Conflicting Essays in scholarship which have been the most engaging research job I have ever done. I have also added, over the years, queries about our "dated" geology with their "computerized" confirmations together with climate changes denied since 1963. The Ten-O'clock News have been telling us to change our clocks for DSL and back again BUT no one as noticed it has been changed, more than a few years ago, from March 31 and October 31, to a week or so earlier or even a week or so later.

Wednesday, January 9, 2013

Peruvian or Maya Story?

        A long time ago, in 1986, Linda Quist did a dictionary of sorts about the various Maya glyphs and where they were to be found.

        By the time 2012 came around, prophecies were the big deal:  the world was going to end on December 21st, even though the Maya themselves told everyone who would listen, that it was just the end of a calendar sequence, no more, no less.  

        What I had discovered in the meantime, was a comet passing the Ring Nebula in 2006, just as one fit the description of the double comet in the Popol Vuh. Two years later, in 2008, it again repeated the sequence from the Popol Vuh as it was very close to the earth arriving at our northwestern states with a light so bright that he seemed to be 1,000 transformers exploding at once., It also created a noise that was just as deafening. It  seemed to me that it was the PV comet that returned and died on it final journey since no debris fell from the sky. . . or was just never reported in the papers or on the television programs since the comet had damaged nothing on earth, even though it came very, very close.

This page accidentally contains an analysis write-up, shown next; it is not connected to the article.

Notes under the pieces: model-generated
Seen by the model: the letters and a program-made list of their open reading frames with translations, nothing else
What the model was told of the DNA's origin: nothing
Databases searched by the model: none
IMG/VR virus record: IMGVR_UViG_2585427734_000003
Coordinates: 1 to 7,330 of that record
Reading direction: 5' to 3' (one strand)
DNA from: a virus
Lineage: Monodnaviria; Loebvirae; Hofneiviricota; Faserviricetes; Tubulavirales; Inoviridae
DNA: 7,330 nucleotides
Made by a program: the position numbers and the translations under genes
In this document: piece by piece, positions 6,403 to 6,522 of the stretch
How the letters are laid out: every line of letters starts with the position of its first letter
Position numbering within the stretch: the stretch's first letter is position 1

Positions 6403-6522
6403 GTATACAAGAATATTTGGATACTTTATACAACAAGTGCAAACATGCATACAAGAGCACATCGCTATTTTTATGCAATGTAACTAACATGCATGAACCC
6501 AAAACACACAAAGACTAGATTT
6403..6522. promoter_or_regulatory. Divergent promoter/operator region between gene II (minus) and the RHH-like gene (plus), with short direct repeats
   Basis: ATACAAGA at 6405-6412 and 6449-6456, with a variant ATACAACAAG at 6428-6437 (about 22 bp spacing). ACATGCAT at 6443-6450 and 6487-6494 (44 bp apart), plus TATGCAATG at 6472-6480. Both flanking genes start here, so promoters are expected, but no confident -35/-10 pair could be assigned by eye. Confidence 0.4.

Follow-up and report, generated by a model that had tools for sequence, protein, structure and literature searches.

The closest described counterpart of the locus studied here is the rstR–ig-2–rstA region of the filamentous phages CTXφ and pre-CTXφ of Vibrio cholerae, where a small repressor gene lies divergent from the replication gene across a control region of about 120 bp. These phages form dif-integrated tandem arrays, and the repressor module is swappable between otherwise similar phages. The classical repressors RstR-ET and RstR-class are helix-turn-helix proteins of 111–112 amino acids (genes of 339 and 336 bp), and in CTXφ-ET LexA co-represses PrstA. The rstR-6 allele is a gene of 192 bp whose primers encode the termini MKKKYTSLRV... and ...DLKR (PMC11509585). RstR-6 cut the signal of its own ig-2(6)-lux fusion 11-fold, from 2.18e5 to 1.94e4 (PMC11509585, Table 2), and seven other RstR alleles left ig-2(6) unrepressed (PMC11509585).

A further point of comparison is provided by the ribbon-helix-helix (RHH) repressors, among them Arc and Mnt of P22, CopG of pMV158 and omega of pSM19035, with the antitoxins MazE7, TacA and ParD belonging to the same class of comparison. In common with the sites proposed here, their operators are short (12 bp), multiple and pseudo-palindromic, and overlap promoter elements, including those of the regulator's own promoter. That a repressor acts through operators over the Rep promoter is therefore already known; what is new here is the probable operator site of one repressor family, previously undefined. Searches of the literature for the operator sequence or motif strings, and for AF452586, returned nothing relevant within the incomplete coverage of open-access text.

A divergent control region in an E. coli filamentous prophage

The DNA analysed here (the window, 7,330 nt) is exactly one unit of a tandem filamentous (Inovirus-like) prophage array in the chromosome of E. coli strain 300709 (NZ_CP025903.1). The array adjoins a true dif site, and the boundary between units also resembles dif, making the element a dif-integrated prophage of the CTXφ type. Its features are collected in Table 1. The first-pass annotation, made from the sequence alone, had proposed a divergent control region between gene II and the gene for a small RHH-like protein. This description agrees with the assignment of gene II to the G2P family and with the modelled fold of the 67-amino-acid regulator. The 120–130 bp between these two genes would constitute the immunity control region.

In September of 2012, Gary C. Daniels wrote about the upcoming prophecies, and wrote this lovely thoughtful gem:
>>> … before we can properly decode and understand this prophecy we must first dive deeper into Mayan religion and mythology to build a solid base of knowledge from which to interpret this ancient text …[which many believed contained such prophecies of total destruction for 2012.) [1]
     Myths are for children. Parables are for grown-ups and Truth is to be ignored as "Logic" laboriously pulled out of a complex system of analogies, syllogisms, and other complex methods of reasoning. This method of reasoning was introduced during the Middle Ages in Europe.

        It was sometime after 1994, when I joined the Austin Writers' League, that we were sent out to the various schools to promote writing skills to the students. For some unknown reason, I ended up in a kindergarten class. Since I cannot sing or even tell funny children's stories, to connect to that age group, I had no idea what to say to them about writing.  It seemed to me that all those young ones were Hispanic; their young fresh faces looking up at me in anticipation of another game or silly rhyme that  would bring laughter to their tiny serious souls.

     Pushing my calendar backwards again to 1982, one of my fourth grade students had copied out a poem by a Peruvian poet about the two lovers who had become two mountains called Popocateptl and Ixtacuihautl. I thought of it as a similar tale that Disney created for the Silver Screen: Snow White and the Seven Dwarves.   It was perfect for this class. So I asked the question, Who knows about Mexico?